On the other hand, private permissioned blockchains such as Corda, Fabric, Quorum are immune to these technical challenges as they target use cases with a smaller number of identifiable parties in regulated markets. Their goal is to improve and automate the existing business models of the enterprise rather than trying to discover brand new economic models. In a sense, permissioned blockchains represent the next generation cross-organization business process and data integration systems.

In this space, Corda is not revolutionary, but rather an evolutionary platform built on top of a well-estabilished storage and middleware technology ecosystems. The blockchain technology still has to prove itself, and building on top of a proven technology is the first step.

My next stop on exploring enterprise blockchains will be Hyperledger Fabric. Take care.

Tipping Points in Open Source

Follow me on twitter for other posts in this space. A shorter version of this post was originally published on Opensource.com under CC BY-SA 4.0. If you prefer, read the same post on Medium.


Over the last two decades open source has been expanding into all aspects of technology: from software to hardware, from small disruptive startup technologies to large boring enterprise software, from open standards to open patents. In this short post, I will try to call out a three tendencies that I think are reaching the tipping point in open source.

Open for Non-Coders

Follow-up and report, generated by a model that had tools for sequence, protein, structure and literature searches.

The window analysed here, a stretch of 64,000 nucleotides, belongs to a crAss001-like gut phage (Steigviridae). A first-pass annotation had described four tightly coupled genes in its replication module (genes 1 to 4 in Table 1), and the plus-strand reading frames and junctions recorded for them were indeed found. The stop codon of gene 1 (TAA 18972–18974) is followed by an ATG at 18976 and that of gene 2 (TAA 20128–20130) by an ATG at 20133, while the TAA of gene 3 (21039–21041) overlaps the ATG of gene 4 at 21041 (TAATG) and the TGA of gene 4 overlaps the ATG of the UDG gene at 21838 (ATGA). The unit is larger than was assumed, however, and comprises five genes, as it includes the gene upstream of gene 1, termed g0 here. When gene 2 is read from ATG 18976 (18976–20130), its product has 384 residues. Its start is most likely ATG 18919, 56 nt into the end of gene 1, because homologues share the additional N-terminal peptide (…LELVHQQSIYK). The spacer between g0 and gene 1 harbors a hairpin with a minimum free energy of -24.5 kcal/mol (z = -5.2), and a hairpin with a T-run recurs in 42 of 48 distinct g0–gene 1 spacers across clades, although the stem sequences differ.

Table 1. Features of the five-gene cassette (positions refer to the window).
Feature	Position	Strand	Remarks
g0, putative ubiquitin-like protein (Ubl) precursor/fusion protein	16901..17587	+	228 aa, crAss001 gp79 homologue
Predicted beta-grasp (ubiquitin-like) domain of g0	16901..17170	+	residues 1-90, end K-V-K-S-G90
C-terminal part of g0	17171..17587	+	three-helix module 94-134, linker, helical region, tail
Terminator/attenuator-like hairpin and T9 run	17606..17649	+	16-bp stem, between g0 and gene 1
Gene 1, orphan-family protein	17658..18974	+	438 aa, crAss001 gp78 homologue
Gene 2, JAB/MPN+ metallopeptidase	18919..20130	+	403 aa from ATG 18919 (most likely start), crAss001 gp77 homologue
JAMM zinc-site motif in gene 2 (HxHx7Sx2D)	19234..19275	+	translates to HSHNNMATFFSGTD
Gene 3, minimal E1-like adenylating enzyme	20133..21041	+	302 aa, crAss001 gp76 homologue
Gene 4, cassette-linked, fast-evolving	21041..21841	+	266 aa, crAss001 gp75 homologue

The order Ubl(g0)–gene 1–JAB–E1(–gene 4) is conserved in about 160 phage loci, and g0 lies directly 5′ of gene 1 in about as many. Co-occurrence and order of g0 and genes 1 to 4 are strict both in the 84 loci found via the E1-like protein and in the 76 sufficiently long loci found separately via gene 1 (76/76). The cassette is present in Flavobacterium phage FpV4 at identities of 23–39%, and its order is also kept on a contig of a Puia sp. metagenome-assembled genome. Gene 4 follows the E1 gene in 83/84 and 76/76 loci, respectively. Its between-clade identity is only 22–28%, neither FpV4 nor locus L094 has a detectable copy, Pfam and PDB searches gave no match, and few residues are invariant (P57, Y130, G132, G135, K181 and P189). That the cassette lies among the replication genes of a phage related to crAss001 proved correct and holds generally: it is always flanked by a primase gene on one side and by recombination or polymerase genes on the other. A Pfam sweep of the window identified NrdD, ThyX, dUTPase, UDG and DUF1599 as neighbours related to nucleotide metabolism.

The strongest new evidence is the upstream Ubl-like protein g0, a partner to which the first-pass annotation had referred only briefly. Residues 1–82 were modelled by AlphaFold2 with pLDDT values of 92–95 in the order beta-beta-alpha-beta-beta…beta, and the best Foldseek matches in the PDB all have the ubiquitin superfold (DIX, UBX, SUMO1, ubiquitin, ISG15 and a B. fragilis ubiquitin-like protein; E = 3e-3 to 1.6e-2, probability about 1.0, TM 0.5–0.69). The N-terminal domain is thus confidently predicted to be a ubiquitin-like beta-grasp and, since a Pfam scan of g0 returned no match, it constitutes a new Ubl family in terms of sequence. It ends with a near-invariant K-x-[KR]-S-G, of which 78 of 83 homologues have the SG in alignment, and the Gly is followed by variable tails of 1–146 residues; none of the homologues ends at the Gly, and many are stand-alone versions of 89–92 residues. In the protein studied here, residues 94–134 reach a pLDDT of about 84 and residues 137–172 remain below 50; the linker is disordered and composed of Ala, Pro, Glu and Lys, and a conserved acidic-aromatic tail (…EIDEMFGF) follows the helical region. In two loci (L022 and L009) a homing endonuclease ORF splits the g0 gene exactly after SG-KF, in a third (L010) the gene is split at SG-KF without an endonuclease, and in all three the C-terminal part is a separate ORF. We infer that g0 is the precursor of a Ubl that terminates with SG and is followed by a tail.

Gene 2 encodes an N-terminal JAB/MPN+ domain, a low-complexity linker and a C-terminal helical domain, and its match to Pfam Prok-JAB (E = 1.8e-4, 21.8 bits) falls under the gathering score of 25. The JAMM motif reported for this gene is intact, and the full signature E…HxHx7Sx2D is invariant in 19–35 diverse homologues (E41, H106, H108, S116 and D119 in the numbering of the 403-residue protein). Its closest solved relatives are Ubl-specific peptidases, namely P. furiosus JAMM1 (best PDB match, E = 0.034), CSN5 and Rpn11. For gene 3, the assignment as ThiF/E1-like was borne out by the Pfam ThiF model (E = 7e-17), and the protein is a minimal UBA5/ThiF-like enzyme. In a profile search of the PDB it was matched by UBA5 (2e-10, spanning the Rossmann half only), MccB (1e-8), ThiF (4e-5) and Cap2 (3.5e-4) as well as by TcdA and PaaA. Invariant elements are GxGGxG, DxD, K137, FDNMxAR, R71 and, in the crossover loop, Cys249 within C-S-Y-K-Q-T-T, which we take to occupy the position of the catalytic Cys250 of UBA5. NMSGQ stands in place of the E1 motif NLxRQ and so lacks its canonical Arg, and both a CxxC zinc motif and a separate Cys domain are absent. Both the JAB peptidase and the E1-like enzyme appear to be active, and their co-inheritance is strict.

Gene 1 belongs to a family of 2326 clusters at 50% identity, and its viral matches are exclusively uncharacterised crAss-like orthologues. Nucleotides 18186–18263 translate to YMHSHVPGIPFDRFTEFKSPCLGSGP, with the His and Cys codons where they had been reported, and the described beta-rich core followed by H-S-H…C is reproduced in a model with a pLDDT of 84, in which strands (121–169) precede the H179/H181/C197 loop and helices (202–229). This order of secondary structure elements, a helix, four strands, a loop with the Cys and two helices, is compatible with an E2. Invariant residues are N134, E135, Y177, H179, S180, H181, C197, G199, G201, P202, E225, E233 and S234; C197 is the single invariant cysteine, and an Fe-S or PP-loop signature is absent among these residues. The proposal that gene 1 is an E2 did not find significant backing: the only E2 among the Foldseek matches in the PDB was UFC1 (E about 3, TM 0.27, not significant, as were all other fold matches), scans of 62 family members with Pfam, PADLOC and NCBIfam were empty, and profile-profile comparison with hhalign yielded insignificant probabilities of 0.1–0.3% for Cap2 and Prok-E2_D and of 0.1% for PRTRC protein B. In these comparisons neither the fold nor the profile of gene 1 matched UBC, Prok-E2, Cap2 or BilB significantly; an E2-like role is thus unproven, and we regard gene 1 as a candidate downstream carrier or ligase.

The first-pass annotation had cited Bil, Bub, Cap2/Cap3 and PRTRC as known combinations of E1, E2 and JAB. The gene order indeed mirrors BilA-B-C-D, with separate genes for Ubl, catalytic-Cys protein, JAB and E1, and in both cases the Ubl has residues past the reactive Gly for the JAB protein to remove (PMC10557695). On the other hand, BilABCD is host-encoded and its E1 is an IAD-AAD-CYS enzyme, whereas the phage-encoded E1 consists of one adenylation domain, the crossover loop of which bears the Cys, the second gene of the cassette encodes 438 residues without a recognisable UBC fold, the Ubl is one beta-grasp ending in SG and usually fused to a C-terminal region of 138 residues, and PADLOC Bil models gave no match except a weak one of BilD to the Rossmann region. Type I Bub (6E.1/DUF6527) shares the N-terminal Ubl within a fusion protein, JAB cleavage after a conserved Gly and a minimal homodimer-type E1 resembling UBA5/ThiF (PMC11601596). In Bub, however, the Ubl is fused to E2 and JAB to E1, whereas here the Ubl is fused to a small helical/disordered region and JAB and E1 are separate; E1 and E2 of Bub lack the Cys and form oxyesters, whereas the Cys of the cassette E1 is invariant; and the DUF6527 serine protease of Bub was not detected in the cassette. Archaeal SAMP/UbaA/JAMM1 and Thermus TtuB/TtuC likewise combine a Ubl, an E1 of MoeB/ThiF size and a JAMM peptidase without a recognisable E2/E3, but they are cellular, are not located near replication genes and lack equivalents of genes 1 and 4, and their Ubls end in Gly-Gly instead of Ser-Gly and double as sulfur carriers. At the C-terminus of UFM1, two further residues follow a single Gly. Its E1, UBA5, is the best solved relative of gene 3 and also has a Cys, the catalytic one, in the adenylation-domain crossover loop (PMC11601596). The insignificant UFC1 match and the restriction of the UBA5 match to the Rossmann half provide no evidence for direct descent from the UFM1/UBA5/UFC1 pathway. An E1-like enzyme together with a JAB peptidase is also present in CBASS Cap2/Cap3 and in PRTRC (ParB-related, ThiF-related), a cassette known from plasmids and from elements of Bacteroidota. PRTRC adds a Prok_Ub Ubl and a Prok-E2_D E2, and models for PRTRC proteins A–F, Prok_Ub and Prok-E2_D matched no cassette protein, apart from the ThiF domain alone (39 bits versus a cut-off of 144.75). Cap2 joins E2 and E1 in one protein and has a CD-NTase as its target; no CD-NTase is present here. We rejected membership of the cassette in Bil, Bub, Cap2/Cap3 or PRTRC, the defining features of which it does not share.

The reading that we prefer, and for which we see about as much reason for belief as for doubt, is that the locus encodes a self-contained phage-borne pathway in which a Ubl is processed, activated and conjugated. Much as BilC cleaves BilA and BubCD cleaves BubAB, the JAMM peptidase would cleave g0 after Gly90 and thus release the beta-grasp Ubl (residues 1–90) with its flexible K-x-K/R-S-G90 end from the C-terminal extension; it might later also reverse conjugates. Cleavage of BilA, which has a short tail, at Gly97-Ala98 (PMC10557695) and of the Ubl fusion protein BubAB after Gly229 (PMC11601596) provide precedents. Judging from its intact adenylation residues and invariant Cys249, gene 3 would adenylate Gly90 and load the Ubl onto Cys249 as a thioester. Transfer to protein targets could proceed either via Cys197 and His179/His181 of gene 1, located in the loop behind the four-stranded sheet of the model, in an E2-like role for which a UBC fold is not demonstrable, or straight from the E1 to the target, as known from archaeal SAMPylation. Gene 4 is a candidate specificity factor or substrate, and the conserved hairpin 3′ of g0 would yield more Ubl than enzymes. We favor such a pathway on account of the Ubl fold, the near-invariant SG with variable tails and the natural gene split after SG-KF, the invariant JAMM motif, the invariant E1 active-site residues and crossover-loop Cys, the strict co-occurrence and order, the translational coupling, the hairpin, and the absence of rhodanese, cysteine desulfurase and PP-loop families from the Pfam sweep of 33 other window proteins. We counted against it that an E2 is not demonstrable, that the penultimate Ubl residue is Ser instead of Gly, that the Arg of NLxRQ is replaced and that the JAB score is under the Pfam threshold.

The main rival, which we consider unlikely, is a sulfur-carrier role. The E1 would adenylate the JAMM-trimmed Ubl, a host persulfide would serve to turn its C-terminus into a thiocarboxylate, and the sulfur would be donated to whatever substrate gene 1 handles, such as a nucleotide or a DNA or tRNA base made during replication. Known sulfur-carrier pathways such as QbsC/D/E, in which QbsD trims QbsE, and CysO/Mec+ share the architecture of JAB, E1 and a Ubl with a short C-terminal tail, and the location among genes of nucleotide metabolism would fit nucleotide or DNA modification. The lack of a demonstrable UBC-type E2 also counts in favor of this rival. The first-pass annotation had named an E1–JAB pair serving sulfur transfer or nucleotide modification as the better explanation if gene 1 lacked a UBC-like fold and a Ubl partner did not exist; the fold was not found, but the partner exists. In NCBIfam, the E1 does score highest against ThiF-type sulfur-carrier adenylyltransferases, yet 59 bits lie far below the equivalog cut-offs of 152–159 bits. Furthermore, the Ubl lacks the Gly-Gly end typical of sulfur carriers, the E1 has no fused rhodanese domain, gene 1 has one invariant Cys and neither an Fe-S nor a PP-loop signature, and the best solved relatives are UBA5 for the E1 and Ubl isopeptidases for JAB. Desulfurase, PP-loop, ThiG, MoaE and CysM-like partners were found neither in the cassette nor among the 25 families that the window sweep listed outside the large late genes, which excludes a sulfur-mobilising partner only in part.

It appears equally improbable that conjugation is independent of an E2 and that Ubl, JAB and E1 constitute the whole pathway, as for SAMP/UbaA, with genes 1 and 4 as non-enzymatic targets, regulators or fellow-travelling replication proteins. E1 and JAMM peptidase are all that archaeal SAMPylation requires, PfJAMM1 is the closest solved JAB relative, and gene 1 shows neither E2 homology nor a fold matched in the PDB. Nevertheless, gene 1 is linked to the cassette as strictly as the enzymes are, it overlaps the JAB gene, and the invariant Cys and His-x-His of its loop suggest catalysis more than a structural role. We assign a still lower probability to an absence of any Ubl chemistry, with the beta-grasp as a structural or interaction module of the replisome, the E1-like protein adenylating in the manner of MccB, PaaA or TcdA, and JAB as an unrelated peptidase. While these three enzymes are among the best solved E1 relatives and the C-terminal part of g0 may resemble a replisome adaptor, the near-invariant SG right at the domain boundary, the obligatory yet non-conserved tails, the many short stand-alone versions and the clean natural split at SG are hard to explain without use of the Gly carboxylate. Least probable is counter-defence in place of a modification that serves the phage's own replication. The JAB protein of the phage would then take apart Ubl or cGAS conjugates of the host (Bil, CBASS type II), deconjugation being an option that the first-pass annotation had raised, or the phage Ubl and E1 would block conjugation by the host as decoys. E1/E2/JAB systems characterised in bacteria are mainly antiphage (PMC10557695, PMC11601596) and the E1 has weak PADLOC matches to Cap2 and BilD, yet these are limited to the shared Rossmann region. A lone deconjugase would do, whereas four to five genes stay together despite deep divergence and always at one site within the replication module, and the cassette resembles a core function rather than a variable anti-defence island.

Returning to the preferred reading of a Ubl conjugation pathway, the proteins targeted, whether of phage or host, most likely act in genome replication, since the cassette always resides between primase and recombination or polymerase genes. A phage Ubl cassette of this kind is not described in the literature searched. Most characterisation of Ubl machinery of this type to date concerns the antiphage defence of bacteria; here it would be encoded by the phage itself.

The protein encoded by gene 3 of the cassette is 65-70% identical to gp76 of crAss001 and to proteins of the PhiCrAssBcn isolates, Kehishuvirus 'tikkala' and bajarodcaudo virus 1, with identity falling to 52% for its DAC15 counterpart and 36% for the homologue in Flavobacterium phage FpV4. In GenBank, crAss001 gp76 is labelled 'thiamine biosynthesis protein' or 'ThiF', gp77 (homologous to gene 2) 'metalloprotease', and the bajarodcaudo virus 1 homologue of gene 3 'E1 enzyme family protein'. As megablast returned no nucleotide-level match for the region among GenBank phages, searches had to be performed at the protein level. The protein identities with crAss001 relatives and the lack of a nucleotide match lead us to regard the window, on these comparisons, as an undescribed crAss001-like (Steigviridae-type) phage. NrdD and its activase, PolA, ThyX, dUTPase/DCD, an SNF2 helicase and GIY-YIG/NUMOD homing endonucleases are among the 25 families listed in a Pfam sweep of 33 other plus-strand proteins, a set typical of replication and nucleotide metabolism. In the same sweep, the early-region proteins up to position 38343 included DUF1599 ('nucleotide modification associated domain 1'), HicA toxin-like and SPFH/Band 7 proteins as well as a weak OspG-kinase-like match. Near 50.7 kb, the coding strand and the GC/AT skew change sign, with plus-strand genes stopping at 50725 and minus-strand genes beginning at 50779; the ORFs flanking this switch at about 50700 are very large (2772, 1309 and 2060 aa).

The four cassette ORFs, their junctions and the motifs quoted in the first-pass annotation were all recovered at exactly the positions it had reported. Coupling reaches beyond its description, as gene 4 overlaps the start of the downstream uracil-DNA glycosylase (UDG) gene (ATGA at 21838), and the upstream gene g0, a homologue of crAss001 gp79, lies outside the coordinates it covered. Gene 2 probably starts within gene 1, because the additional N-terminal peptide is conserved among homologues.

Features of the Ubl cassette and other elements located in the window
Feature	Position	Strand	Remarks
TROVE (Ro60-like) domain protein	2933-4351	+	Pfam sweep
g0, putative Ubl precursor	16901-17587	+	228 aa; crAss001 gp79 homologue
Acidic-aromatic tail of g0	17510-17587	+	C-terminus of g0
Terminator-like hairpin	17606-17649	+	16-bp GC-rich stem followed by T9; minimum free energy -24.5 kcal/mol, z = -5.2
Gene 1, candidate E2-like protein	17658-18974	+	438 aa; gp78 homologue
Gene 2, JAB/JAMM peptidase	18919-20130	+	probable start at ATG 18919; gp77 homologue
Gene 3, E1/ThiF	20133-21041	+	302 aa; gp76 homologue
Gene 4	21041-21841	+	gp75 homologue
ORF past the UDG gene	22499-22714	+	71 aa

For good or bad, as the name open "source" suggests, this model has been primarily focused around the source code. Regardless of the intent or the believes, if we look at the open source communities, they are primarily composed of developers who are working on the source code. If we look deeper, the tools used in open source projects such as source control systems, issue trackers, mailing list names, chat channel names, etc - they all assume that the developers are the center of the universe. And that has caused a big loss. It is a big loss not having creative people, designers, document writers, event organizers, community managers, lawyers, accountants, and many others as part of the open source communities. We don't have such individuals actively participating in the open source communities because we don't have the processes and tools for such an inclusion yet. We need and want non-code contributions, but we don't have the means to measure their value, nor ways to reward their efforts in return. Reward by recognition from peers, by the community, by the employers, or anybody in general. As a result, it has been a lose-lose for decades. And we can see the implications in many open source projects with ugly looking websites, amateur logos, badly written and formatted documentation, disorganized events, etc. All of that leading for the so called "open source companies" filling the gap when it is inherently an open source problem.